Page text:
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Thank you for your interest in the NAFLD Screening Fund!

We are looking for both partners and supporters for the Fund. If you would like to learn more about what being a partner or supporter entails or have any other questions, please email us at [email protected]. We are happy to communicate over email or to set up a time to connect over Zoom. Please let us know your preference and we will get back to you as soon as possible. 

Fatty Liver Foundation Launches a Public-Private Partnership to Combat the Silent Epidemic of Nonalcoholic Fatty Liver Disease (N)

Liver disease is an ignored epidemic. FLF intends to change the paradigm with the NAFLD Screening Fund.

 Building on the experience of FLF, the leading patient advocacy organization, the NAFLD Screening Fund aims to identify and support at-risk populations to combat the rising incidence and mortality of NAFLD in the United States.

The Fatty Liver Foundation (FLF) is launching the NAFLD Screening Fund, a new five-year, multi-stakeholder, public-private partnership aimed at accelerating progress in the detection, diagnosis, staging, care, and research of non-alcoholic fatty liver disease (NAFLD) among at-risk and asymptomatic populations in the United States, where there is a significant unmet need.

Despite advances in research, diagnosis, and care, NAFLD places a heavy burden on individuals, families, and health care systems. Before COVID-19, it was estimated that more than 100 million Americans had NAFLD or its more advanced and aggressive form, non-alcoholic steatohepatitis (NASH), and most were unaware of it. Since the onset of COVID-19, the average American has gained 29 pounds, contributing to the growing burden of noncommunicable lifestyle diseases such as obesity and diabetes, and greatly increasing the at-risk population who remain undiagnosed for NAFLD. The societal tragedy is that if diagnosed and addressed early enough, NAFLD can be reversed.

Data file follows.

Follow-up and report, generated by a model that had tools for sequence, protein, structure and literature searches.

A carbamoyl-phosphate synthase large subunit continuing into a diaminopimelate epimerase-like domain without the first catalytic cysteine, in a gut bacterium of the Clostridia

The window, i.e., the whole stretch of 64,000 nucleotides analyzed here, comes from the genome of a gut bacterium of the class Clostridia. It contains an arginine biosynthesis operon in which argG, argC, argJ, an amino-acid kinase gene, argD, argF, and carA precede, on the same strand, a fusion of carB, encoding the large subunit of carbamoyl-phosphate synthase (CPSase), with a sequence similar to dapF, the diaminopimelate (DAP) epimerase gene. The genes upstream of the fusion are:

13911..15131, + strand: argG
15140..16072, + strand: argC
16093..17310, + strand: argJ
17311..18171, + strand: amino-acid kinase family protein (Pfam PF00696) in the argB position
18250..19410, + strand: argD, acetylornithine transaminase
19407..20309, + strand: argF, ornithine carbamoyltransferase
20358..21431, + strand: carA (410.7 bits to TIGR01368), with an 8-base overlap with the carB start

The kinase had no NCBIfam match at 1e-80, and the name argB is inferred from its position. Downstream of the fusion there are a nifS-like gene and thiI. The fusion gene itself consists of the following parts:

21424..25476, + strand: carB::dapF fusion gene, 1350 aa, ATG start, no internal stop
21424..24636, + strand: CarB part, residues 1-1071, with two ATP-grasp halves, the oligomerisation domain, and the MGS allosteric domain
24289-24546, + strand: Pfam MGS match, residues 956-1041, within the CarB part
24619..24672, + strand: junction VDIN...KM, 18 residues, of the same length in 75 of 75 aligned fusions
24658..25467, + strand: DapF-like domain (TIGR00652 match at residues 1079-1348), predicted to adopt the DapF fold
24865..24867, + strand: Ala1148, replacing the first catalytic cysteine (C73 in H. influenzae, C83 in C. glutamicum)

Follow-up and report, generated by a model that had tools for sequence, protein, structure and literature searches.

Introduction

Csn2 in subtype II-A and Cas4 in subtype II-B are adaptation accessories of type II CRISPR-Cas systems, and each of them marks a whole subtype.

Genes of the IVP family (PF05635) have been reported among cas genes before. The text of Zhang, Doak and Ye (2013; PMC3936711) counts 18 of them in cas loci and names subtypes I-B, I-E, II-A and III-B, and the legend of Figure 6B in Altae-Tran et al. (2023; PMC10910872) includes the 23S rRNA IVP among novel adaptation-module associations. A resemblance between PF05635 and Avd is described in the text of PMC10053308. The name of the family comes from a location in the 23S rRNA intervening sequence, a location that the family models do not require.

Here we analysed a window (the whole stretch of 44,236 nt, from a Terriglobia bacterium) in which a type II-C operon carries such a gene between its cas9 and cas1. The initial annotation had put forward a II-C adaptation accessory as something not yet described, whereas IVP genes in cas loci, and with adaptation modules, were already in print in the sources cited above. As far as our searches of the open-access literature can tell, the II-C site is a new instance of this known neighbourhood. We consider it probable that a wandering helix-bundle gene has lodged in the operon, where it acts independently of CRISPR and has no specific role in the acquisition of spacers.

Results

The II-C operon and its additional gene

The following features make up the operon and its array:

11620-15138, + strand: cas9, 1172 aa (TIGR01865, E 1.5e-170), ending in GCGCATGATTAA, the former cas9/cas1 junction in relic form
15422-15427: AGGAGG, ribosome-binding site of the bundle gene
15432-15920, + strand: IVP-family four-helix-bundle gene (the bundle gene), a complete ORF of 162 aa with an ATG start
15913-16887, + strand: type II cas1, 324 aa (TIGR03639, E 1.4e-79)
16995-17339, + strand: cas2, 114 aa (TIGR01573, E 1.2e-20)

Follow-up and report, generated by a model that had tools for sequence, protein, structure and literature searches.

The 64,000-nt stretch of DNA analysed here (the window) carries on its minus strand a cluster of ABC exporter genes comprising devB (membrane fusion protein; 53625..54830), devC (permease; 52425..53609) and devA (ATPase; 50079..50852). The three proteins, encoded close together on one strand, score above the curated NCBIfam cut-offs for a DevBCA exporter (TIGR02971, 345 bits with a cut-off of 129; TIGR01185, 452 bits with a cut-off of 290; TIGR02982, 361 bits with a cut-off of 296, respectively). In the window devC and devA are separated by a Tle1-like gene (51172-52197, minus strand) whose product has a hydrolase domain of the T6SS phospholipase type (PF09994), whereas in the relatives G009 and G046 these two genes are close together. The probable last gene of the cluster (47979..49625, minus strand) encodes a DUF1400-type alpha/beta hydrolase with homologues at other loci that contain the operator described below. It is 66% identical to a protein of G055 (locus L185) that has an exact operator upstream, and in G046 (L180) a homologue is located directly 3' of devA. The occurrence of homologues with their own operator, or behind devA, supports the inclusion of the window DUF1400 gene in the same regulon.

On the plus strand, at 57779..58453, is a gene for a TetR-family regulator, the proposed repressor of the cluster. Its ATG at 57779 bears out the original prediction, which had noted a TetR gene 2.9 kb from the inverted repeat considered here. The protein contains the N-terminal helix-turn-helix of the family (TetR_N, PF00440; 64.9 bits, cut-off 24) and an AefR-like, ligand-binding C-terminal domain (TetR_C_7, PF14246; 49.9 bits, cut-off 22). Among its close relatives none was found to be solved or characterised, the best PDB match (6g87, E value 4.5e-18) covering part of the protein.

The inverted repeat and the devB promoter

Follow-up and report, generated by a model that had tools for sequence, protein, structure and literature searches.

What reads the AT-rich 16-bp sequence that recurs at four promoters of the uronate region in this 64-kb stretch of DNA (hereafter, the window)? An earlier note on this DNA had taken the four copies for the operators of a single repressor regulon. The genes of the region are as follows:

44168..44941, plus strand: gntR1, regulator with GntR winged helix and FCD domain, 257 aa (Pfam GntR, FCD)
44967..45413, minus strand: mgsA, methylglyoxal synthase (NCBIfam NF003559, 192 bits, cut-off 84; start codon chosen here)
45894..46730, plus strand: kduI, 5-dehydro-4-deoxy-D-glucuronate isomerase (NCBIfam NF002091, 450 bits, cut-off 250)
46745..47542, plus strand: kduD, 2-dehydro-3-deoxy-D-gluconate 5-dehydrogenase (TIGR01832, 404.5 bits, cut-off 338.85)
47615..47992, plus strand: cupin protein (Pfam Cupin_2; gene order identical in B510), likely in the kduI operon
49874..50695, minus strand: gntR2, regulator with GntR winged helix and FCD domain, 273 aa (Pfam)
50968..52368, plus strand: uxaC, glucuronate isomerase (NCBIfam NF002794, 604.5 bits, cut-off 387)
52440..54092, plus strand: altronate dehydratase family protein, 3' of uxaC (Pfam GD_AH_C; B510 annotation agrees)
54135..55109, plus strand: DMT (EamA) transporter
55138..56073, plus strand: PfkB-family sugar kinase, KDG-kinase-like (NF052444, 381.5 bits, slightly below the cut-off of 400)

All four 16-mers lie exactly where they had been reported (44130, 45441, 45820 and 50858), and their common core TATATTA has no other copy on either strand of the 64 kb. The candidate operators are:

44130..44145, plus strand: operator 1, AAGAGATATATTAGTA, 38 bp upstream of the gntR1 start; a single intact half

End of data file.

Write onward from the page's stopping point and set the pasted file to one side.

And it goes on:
The level of screening for NAFLD among high-risk and asymptomatic populations remains woefully inadequate in medical and community-based settings and this lack of services has only been exacerbated by COVID-19. People with NAFLD and metabolic syndrome are four times more likely to develop severe manifestations of COVID-19 than those without NAFLD, regardless of the presence of diabetes. With COVID-19 disproportionately impacting people at-risk for and living with NAFLD by threatening their timely diagnosis and care, and increasing their risk of severe disease, it is more urgent than ever to address these health disparities. Though these same issues exist nationwide, they are particularly acute in under served and non-white communities.

“Our commitment to re-imagining NAFLD screening goes beyond FLF’s SUNN-1 (Screening for Undiagnosed NAFLD and NASH) study, to helping close the gaps in prevention and linkage to care and/or clinical trials for at-risk, asymptomatic populations through innovative screening models in underserved communities,” said Wayne Eskridge, CEO and Co-Founder of FLF. “We must work with other organizations and stakeholders in order to successfully raise awareness, address health disparities, and increase access to screening. We are at a tipping point where we can help catalyze and change the course of NAFLD diagnosis and care for all Americans.”

“The number of NAFLD cases is rising rapidly among the U.S. adult population (aged ≥15 years), and prior to COVID-19 was projected to reach 33.5% in 2030. We don’t yet know how extensive the long-term damage of the pandemic will be for chronic disease patients, but we can expect that it will likely catalyze more serious problems. Unfortunately, we are already making most diagnoses late in the course of disease, leading to potentially serious complications and outcomes,” says Neeraj Mistry, MD, MPH, Chief Medical Officer of FLF. “The NAFLD Screening Fund is part of FLF’s broader commitment to mobilize new resources and strengthen the capacity of key NAFLD stakeholders to reverse these trends. This new initiative not only promises to prevent thousands of premature deaths, but also to contribute to greater equity in NAFLD care and research.”